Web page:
Christopher JoyceChristopher Joyce is a correspondent on the science desk at NPR. His stories can be heard on all of NPR's news programs, including NPR's Morning Edition, All Things Considered, and Weekend Edition.
Displayed in the hand of University of Oregon archaeologist Dennis Jenkins are three bases for western stemmed projectiles from the Paisley Caves in Oregon. The bases date to some 13,000 years ago.
A water tank truck is seen on the main street in Waynesburg, Pa., on April 13. Scientists say naturally polluted water can rise to the surface of the Marcellus Shale; that finding suggests that frack water could seep out, too.
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The Panel of Hands in the Cave of El Castillo in Spain. New dating methods suggest the paintings could have been drawn by Neanderthals, not humans, as previously thought.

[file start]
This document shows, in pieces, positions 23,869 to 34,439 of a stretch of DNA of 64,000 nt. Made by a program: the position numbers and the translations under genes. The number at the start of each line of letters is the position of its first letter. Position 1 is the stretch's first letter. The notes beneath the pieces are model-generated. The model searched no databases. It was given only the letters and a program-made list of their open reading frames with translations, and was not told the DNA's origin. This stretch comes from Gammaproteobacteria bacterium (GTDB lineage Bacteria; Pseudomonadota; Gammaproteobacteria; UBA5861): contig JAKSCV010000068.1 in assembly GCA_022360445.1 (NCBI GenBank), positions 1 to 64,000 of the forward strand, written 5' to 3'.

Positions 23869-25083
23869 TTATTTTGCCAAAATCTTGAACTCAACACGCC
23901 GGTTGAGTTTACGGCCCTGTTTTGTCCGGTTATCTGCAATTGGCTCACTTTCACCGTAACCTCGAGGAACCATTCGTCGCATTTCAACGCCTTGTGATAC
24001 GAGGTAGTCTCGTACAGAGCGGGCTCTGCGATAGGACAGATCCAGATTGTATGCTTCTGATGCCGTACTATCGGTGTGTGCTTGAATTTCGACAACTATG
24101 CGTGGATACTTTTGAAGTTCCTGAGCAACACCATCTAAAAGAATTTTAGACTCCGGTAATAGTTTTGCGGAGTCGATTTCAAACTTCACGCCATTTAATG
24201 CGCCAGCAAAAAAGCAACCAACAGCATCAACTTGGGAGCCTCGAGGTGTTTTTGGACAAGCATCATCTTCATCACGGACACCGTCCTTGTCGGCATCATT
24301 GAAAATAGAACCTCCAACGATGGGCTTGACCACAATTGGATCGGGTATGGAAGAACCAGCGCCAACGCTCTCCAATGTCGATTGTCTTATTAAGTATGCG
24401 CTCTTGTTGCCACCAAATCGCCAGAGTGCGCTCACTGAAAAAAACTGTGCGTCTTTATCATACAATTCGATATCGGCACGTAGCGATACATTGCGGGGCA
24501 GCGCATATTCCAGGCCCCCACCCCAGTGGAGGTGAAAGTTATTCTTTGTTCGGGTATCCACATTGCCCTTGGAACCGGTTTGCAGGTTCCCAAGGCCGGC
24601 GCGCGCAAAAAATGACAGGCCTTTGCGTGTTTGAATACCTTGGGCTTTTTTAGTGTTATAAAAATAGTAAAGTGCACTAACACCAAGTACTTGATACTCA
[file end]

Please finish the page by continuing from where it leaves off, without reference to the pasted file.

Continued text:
Pete Vavricka conducts an underground train from the entrance of Yucca Mountain in Nevada in 2006. President Obama canceled the planned nuclear waste repository there in 2009.
Demand for natural gas has created a hydraulic fracturing or fracking boom; since 2008 over 5,000 new wells have been drilled nationwide. Workers at Chesapeake Energy, one of the biggest gas companies conducting fracking, are seen on the job site near Towanda, PA.
Conservator Angelyn Bass cleans and stabilizes the surface of a wall of a Mayan house that dates to the ninth century. The figure of a man who may have been the town scribe appears on the wall to her left.
Tyrone Turner/Copyright 2012 National Geographic
Researchers say our brains are probably wired from an evolutionary sense to encourage running and high aerobic activities. Above, a man runs past the Sydney Harbour Bridge on April 22.
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